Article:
Ophthalmic Laboratory Technicians
Approximately 29,400 ophthalmic laboratory technicians are employed in the United States. They work in optical retail stores, offices of ophthalmologists and optometrists, medical equipment and supplies manufacturing companies, and ophthalmic laboratories.
Some ophthalmic laboratory technicians enroll in a formal training program to gain marketable technical skills and to develop contacts for job location assistance. Others opt for on-the-job training. High school graduates can apply for such training directly at the personnel offices of ophthalmic laboratories or retail outlets known to hire technicians. State and private employment agencies and classified ads in newspapers and online can be good sources for job leads.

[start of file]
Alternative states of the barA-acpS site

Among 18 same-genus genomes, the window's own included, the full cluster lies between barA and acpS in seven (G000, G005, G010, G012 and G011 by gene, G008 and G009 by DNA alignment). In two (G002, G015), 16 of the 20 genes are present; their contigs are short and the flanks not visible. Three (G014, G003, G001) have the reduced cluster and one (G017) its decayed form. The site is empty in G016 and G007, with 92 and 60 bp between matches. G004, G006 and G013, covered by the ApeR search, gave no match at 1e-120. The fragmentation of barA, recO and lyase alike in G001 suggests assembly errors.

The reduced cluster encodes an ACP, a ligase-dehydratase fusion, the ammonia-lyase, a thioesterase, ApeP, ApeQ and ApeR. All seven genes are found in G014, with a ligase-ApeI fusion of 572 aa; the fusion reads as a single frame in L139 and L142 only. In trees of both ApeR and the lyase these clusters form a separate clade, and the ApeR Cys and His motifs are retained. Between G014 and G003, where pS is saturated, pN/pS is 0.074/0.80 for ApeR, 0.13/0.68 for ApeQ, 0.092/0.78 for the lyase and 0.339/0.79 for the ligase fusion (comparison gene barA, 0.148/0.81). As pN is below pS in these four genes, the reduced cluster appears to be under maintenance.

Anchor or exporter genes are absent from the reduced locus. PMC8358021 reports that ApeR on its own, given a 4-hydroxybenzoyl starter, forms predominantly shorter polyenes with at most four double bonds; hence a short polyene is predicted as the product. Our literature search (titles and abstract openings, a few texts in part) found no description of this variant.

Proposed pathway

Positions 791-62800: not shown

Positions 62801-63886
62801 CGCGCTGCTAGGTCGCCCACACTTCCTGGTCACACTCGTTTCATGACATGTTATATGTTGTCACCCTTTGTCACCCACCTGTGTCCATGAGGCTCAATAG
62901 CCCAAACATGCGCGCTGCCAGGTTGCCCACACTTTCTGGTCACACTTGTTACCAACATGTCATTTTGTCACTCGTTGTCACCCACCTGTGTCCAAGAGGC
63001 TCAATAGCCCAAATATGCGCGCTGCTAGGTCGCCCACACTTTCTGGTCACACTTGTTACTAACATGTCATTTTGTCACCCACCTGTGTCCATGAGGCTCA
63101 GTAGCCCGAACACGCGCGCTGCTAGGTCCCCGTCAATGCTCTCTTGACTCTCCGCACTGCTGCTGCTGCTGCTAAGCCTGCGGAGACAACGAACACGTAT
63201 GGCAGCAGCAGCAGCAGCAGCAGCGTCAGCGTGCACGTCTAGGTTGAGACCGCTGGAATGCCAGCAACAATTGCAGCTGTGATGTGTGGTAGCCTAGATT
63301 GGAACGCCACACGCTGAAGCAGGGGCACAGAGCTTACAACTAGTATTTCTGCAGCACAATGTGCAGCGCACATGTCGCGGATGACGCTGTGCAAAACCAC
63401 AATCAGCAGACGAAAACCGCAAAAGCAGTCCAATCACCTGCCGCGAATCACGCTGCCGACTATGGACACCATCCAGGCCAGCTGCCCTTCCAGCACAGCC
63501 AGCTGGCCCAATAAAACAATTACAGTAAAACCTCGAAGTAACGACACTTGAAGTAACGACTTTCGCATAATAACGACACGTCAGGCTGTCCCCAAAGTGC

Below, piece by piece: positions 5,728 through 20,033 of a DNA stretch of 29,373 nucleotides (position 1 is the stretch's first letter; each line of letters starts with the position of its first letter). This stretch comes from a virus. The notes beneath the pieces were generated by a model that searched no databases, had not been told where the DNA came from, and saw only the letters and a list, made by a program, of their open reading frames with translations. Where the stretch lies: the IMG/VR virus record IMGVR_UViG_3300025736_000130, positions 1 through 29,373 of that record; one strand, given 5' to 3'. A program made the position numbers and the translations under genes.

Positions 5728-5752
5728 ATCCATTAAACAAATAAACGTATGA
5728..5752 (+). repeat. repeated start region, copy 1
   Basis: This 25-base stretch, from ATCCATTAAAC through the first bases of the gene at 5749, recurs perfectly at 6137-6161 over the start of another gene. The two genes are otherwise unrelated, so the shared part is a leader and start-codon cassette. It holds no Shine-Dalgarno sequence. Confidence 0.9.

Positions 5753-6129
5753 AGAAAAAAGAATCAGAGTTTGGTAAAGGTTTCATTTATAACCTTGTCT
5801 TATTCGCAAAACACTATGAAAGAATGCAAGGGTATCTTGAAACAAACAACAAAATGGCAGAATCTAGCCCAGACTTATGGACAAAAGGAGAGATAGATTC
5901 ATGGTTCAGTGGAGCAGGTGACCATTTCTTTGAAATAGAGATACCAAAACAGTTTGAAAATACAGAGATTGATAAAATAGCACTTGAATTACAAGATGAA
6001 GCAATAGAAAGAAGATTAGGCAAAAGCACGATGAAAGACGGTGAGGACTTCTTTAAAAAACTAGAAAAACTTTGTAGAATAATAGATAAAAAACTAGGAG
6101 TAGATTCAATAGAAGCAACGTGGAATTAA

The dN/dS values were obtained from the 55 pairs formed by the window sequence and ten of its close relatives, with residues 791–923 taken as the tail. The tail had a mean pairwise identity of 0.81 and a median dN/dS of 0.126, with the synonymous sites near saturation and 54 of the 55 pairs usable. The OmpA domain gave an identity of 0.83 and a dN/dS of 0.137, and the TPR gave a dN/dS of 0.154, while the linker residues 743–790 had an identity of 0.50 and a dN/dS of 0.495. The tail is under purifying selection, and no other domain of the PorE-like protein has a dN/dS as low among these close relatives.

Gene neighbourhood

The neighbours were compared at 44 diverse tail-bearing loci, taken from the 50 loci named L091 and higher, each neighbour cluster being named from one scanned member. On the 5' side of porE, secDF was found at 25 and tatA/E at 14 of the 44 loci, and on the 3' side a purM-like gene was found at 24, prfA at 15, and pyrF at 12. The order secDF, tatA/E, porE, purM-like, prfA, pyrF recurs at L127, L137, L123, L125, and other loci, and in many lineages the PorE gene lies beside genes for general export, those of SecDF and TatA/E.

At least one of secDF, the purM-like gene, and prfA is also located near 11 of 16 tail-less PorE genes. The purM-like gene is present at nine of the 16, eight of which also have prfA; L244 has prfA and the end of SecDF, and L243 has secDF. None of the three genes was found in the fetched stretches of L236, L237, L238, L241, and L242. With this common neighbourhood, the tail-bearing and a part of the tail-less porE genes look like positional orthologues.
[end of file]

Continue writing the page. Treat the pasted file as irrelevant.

Ophthalmic laboratory technicians can advance as they gain experience and technical skills. They may become supervisors or managers or assist in the training of newer technicians. With additional training and education, many technicians become dispensing opticians. Dispensing opticians are responsible for measuring and fitting customers with eyeglass frames and contact lenses, reading customers' prescriptions for lenses, and preparing work orders for the ophthalmic laboratory technicians who will fabricate the lenses.
Some technicians who gain extensive experience in laboratory dispensing and the managerial aspects of ophthalmic laboratory work start businesses of their own.
Tips for Entry
Ask a local opticianry or ophthalmic laboratory manager if you can observe them at work to learn what they do.
Pursue the possibility of summer work at a retail optical shop or ophthalmic laboratory where you may have the opportunity to observe and ask questions as well as perform clerical functions.
Join a school or community group that will allow you to become familiar with grinding equipment and tools; becoming familiar with using machinery and heavy equipment will help develop your manual dexterity.